With millions of cell phones in circulation and increasing numbers of people using portable computer devices, there are ample opportunities for high-tech gadgets to be stolen, lost or broken.
Depending on what happens to your gadget, it may be covered under a home insurance policy, a standard manufacturer's warranty or an extended warranty that you can purchase. Some gadgets break more often than others, with drops being the most common cause of malfunctions, says Anthony Scarsella, chief gadget officer at Gazelle, a website that buys and sells used electronics.
Glass -- whether part of an iPad, cell phone or other device -- often breaks.
"When the whole entire front surface is glass, or a screen, that's your biggest problem," Scarsella says.
When is a gadget covered by home insurance or a warranty? And when should you buy an extended warranty? Here are some of the basics.
Most homeowners insurance policies cover theft or loss due to a named peril, such as fire, lightning or windstorms, but not a loss from losing the item yourself. A stolen gadget would be covered, whether taken from a car or home. You must pay a deductible when filing a theft or loss claim.
Accidental damage such as dropping an iPad would not be covered, says Mike Coleman, a State Farm agent in Alabama. A personal articles policy can be added, he says, to cover accidental breakage. The add-on can be inexpensive. Coleman says he recently sold $100 in coverage for $2.20 annually, with no deductible.
Most companies back their products for a year, although some warranties are for six months or less, says Steve Abernethy, CEO of SquareTrade, which sells extended warranties. The manufacturer covers mechanical errors, not human errors such as drops or spilled coffee. You won't be covered if you lose the device or if there is a theft.
If an item breaks because of a mechanical error, it's most likely to happen in the first two years. That's why it's a good idea to purchase extended warranty coverage that protects the device beyond the first year, Abernethy says.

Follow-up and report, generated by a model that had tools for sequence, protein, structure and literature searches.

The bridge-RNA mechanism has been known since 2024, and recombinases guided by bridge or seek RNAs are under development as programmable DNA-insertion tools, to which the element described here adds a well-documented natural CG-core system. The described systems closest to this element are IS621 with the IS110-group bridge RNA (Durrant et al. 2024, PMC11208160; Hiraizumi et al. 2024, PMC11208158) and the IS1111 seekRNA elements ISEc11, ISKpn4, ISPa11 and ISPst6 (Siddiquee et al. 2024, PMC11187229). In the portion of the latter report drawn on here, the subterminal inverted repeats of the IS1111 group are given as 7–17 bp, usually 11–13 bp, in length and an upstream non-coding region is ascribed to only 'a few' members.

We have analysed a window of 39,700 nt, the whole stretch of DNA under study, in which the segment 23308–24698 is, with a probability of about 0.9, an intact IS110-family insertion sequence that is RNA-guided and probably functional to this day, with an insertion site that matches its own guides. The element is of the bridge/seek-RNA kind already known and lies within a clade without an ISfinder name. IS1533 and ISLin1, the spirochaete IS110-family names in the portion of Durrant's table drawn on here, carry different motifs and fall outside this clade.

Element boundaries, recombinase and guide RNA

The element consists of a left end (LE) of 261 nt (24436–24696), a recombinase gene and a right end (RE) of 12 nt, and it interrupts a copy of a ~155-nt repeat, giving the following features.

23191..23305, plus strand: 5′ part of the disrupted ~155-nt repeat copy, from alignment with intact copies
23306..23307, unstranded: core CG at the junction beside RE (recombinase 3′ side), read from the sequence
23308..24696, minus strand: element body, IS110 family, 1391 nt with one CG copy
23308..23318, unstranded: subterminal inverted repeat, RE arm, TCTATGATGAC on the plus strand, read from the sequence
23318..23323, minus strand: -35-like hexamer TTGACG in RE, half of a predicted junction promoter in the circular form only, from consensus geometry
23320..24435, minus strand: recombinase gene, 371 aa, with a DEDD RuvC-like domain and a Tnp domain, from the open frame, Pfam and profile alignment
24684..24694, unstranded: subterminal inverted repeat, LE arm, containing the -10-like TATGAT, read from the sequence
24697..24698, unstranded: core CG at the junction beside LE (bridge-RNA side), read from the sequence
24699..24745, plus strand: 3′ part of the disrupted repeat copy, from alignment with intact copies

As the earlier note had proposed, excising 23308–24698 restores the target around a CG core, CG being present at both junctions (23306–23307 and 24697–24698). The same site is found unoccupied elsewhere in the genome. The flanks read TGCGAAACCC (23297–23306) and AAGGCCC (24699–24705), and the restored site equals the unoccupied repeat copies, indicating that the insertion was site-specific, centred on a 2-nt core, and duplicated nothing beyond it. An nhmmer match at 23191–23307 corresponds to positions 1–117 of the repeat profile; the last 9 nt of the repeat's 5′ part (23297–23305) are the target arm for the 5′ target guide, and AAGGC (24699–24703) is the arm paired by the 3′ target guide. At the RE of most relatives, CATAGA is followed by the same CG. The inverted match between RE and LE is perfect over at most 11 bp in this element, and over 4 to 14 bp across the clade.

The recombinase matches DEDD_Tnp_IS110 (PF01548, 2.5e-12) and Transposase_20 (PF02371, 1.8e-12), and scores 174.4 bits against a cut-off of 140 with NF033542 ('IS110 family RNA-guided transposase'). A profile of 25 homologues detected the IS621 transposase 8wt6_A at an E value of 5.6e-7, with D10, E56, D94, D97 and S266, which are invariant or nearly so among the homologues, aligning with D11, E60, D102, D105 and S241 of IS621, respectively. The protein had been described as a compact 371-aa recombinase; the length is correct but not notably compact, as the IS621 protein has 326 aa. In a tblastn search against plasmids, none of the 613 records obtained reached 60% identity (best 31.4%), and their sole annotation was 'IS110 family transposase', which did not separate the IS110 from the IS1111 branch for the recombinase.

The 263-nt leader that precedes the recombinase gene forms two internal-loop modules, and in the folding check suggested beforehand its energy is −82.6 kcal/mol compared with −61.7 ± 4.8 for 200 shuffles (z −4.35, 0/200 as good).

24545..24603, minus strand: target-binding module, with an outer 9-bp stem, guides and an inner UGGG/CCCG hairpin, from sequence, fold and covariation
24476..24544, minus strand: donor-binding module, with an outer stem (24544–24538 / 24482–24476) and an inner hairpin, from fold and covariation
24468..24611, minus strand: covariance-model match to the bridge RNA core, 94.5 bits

Phones or anything with moving parts -- such as a keyboard that slides -- are more likely to malfunction, Scarsella says. "The more moving parts and the more buttons and parts, the bigger chance that something's going to break on it."
Overheated gaming consoles used for hours without pause also break often. Simpler devices, such as e-book readers, don't break as often, and the BlackBerry has had fewer problems since its trackball was eliminated, Scarsella says.
An extended warranty offers protection from malfunctions, drops, spills and other accidents. Such warranties typically don't cover loss or theft, however.
Accidents or malfunctions account for 90 percent of problems with electronic gadgets, says Abernethy, whose company sells extended warranties that you can buy within 30 days of purchasing a gadget. Smartphones are the most common source of claims, with the typical smartphone having a 30 percent failure rate over two years, he says. Cell phones break so often that his company charges a $50 deductible, a fee it doesn't require for other products.
Even without drops and spills, the failure rate for most gadgets is 10 percent to 15 percent over the first three years, he says. Extended warranties also can be bought through manufacturers, although it's important to find out if they cover damage from drops.
Without warranties or coverage provided by insurance companies, gadgets can be expensive to replace. Smartphone purchases subsidized by phone companies may cost only $200, but the price soars to $700 without the subsidy, Abernethy says. And buying coverage that costs more than a new device -- or will last longer than the device -- is a bad idea. Most people replace their gadgets every three years, he says.
Getting insurance quotes isn't the only way to protect your nifty new gadget. After getting a screen protector and case for your iPhone, iPad or other product, keep it away from your kids. Your new toy is an easy way to entertain children, but they may drop it.
"It is amazing how beautiful the iPhone is, [but] how easy it is to break," says Abernethy.
The original article can be found at Insure.com:
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